Updated: Sep 12, 2019
As Feed-in-Tariffs (FITs) came to an end in March of this year, it may have been questioned if solar panels for farmers are still as viable and beneficial. Farmers might be surprised to see that a return can still be as good as ever…
The short answer is yes, Solar PV for farmers is still a viable proposition moving forward without the subsidy of the FIT’s.
This is thanks to the government’s new S.E.G (Smart Export Guarantee) scheme coming into implementation from January 2020. Under the S.E.G, a farmer/generator is still guaranteed payment for all unused electricity sent back to the grid.
This does, however, shift the onus back to ensuring a system is sized to meet the demands of a property.
The primary function of a Solar PV system is to minimise the consumption of energy from the grid and to maximise savings. The principle is that it’s more cost-effective to save heavily on a unit of electricity that may usually cost around 15p, than send energy back to the grid and get paid 5.5p for doing so.
This means it’s never been more important to size a system properly. The S.E.G does, however, mean the farmer is guaranteed payment for the electricity at more than the cost of generating it.
How to size a system
GB Solar will take an in-depth look at your energy consumption, using both your energy bill and (if available), your ‘half-hourly’ data supplied by your energy supplier. Using this information, we can identify your average, peak and off-peak demands. This allows us to model your energy consumption, enabling us to size a system to maximise self-consumption and therefore get the return on investment you expect.
How much payback can farmers expect from solar panels?
Exact paybacks are impossible to predict, many variables including pitch, orientation and capacity have a bearing on the capital payback and profit from a system, though it’s reasonable to expect a minimum return of 15%, in some scenarios a return can be as high as 25%-30%.
We’ve run an example below of how a 6-year capital payback and an average 19.75% return-on-investment can be achieved.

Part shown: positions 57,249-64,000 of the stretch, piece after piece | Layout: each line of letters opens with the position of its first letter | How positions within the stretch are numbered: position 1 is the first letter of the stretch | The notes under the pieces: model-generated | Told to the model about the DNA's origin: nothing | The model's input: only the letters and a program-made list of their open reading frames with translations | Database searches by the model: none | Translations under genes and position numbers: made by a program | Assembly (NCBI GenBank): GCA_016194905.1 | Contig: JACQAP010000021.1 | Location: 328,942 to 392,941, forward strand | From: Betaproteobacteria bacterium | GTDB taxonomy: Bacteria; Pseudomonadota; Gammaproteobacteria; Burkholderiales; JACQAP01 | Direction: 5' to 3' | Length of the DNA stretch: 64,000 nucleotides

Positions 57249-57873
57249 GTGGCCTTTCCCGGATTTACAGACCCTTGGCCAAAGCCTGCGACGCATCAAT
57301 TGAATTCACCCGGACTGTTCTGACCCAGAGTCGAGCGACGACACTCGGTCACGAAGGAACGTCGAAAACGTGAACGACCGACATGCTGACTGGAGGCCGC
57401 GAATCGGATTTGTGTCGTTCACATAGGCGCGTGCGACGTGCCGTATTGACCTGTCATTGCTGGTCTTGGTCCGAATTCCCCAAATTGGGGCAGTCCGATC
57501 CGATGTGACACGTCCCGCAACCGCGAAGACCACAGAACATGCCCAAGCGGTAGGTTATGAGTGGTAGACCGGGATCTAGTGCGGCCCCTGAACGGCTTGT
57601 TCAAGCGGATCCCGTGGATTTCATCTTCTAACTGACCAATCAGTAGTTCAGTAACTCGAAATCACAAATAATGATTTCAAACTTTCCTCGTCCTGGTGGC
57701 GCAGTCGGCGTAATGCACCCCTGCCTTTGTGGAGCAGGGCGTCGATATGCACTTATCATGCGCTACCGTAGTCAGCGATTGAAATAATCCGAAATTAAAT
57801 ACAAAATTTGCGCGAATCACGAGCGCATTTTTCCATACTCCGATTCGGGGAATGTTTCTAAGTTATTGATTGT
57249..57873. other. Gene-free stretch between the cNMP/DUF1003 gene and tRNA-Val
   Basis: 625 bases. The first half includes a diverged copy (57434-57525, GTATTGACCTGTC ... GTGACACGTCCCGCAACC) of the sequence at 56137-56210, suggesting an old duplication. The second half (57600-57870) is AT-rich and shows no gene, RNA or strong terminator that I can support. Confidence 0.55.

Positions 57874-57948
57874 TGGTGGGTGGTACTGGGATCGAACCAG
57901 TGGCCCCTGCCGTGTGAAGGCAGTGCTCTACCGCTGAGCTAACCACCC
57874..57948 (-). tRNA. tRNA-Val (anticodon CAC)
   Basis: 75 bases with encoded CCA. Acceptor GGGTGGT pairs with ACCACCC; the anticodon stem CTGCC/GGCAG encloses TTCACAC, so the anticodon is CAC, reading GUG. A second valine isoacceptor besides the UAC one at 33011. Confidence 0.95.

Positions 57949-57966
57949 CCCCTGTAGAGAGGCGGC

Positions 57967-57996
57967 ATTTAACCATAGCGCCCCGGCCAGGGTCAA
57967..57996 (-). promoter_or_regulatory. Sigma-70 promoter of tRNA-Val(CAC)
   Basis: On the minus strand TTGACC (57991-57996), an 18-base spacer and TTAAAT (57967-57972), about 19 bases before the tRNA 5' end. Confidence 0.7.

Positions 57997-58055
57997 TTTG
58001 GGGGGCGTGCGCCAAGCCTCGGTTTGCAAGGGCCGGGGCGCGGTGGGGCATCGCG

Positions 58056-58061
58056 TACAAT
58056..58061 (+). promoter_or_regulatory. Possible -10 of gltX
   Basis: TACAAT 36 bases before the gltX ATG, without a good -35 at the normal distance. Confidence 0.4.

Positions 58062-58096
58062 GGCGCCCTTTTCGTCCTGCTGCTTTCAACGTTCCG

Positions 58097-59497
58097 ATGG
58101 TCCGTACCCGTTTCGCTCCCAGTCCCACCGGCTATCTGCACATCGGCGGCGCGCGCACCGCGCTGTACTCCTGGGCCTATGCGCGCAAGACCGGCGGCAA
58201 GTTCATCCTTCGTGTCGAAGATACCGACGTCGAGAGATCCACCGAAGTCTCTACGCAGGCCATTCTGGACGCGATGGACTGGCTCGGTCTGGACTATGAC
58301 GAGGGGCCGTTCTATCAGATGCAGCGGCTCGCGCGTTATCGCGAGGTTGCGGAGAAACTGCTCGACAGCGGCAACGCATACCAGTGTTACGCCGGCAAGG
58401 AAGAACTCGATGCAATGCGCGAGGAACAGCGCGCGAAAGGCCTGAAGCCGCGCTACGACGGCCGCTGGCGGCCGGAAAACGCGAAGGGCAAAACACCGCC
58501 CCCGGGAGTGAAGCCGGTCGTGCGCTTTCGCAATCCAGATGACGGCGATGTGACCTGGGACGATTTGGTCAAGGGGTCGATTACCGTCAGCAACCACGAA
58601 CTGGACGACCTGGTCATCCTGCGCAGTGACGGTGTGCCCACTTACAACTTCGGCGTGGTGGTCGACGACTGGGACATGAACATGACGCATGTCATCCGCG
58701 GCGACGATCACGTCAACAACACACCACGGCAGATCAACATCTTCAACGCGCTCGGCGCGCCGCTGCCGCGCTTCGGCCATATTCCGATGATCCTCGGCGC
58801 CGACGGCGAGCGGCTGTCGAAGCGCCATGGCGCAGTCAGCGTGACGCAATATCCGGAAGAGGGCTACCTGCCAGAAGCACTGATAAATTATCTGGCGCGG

Example Installed Capacity: 50kWh
Example Install Cost: £37,500 + vat
Annual Electricity Generation: 43,000kWh
Annual Savings: Up to £6,880* based on 100% consumption.
Are there specific requirements for farmers to consider?
There are few criteria to fill for a farmer to benefit from a solar install. Provided the farmer owns the prospective property or land. Planning permission is often straightforward, allowing for a swift turnaround from concept to completion.
Any system capacity above 50kWh requires us to complete a ROOFIT application, as well as requiring application to the local DNO (Distribution Network Operative) to notify and subsequently connect to their network.
Thanks to the large volume of product now being installed across the UK, access to materials is swift, and the skilled labour required to ensure a robust solar install is plentiful.
How else can the Agricultural industry benefit?
Public pressure regarding green and clean credentials continues to weigh heavier on many industries, farming is no different. Corporate and Social responsibility benefits can be huge.
In 2019, a clean, green image can have a measurable effect on a company’s public image. A GB Solar system truly will benefit a busy farm, reduce its carbon footprint, make a measurable dent in the bottom line and provide an excellent return on investment.
How accurate is a GB Solar Proposal?
It isn’t just about the savings. It’s important that a farmer has the most accurate depiction of the lifespan of a solar system as possible. At GB Solar, we cover every base.
Our calculation takes into account the panel degradation, as warrantied by our market-leading manufacturers.
We can also factor in any cost of borrowing should a farmer not wish to capital finance a system, and build in an operation and maintenance costs should you wish for more peace of mind in ensuring your system delivers as promised.
A typical example of savings would be:
*AIA Offset – Annual Investment Allowance, see our information on corporation tax offsets.
What this means for farmers
As well as a hugely attractive ROI of 19.75%, this farmer would be securing a supply of nearly 1GW of electricity over 25 years at a cost of just 3.13p per unit. This is already less than a quarter of the average purchase price, normally around 14p/kWh.
Is Solar PV Beneficial for Agriculture?
Is Solar PV as attractive an investment as it was five years ago? Perhaps if you purely base your assessment on the return on investment, it might be a couple of points short of where the ROI percentage used to be.
However, in this day and age, with high-interest savings accounts returning 3% to 4% at best, considering the example figures detailed above, solar panels for farmers can be a low risk, high return investment.
For more information or a free survey, hit the Get in Touch form, or book online using our new online appointment page.